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"È troppo da chiedere?"

Translation:Is it too much to ask?

January 1, 2013

49 Comments


https://www.duolingo.com/profile/samjurgy

When do you know to add the "Da" ?


https://www.duolingo.com/profile/tmclau4020

My guess, and I'm not a native Italian speaker, is that you are asking something "from" the other person. For that purpose, you would use "da". Please correct me if I'm wrong though.


https://www.duolingo.com/profile/samjurgy

In the past nine months I have learned why it should be "Da"! The "Da" in this sentence would be translated into english like so Is what I need, too much to ask for?" the "Da" is used to express need, "è troppo da chiedere?" meaning Is it too much - purpose/need- to ask for? Overtime you will see pattern with other verbs, my italian abilities have grown a lot in the past 9 months and this is the best explanation I have.


https://www.duolingo.com/profile/dhunteroz

Haven't been learning as long but here is my opinion on "da". Words may have different meanings after a verb or a noun. When it's after a noun (or part of) it does usually refer to purpose, (e.g. rete da pesca "net from fishing = fishing net".

Though if it's after a verb it can be a "to/from" kind of thing e.g. viene dal dottore = come from the doctor, andare dal dottore = go to the doctor. Usually da will translate well to "from".

in this example "È troppo da chiedere?", I would just translate da=to.


https://www.duolingo.com/profile/NobleJohn

Does anyone know the answer? I'd like to know what function it serves in this sentence too.


https://www.duolingo.com/profile/Jeffrey855877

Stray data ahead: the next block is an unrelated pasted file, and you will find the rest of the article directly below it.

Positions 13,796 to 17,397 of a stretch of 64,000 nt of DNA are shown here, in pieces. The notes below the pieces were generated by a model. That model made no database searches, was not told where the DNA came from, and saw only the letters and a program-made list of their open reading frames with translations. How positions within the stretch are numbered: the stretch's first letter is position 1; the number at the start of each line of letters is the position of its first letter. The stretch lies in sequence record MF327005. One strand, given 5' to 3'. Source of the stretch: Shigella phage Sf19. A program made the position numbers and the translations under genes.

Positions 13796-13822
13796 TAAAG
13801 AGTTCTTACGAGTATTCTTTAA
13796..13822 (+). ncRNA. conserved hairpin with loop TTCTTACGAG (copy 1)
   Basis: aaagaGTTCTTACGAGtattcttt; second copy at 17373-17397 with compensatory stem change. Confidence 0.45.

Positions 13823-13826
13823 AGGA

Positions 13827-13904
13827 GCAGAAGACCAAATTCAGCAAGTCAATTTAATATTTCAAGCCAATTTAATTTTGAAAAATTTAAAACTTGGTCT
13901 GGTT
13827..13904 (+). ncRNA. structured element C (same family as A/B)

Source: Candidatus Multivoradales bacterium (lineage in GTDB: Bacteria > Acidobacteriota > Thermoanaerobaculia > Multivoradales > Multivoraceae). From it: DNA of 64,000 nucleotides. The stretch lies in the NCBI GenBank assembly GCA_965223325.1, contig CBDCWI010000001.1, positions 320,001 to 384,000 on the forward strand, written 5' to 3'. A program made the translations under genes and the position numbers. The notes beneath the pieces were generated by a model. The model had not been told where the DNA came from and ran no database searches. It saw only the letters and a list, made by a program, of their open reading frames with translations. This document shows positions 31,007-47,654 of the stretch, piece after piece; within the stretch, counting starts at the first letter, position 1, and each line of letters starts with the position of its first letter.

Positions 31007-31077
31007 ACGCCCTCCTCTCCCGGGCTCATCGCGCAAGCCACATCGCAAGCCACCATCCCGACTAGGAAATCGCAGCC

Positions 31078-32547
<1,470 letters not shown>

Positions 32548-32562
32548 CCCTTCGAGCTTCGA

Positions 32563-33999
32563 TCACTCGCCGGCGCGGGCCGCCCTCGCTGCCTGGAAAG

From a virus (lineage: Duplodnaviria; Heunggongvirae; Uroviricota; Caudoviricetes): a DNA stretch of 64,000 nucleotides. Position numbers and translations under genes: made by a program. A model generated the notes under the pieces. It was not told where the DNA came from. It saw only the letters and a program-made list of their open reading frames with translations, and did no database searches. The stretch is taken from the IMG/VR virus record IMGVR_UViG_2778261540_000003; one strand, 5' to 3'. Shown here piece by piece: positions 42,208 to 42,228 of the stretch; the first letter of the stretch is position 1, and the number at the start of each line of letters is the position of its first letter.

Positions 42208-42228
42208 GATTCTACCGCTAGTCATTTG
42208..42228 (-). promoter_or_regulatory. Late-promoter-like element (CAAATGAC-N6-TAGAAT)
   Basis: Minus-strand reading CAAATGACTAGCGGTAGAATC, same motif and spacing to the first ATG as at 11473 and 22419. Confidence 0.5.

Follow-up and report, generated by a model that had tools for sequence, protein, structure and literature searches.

One blog I found in a web search basically said there are no hard-and-fast rules regarding the use of da - and probably di & a as well.

I hate to say this, but this question seems to involve idiom to a great extent, something that will only become clear(er) with time and exposure to the language - as we memorize usage(s).

Another point based on my research skill-set: Usually, if you do searches on things like "Difference between di and da in Italian" or "di vs. da in Italian", an article pops up in the search results. I got only one likely result at en.allexperts.com, but unfortunately that site has been closed. The lack of immediate results is always a very strong suggestion that there isn't an answer.


https://www.duolingo.com/profile/OsoGegenHest

When it modifies the adjective.


https://www.duolingo.com/profile/jamesjiao

How exactly does it modify the adjective?


https://www.duolingo.com/profile/OsoGegenHest

Actually, in this particular case it's modifying (aka qualifying, describing) an adverb. But it's usually an adjective.

The thing isn't just "too much", but "too much to ask". "To ask" modifies the meaning of "too much". It's like "hard to look at" doesn't mean "hard", but "ugly". "Easy to fail at" doesn't mean "easy", but "hard".


https://www.duolingo.com/profile/siebolt

Or: Is it too much to ask for?


https://www.duolingo.com/profile/Duolessio

In Italian we actually would say "È chiedere troppo?". This sounds bad and it's terribly confusing.


https://www.duolingo.com/profile/leonardicus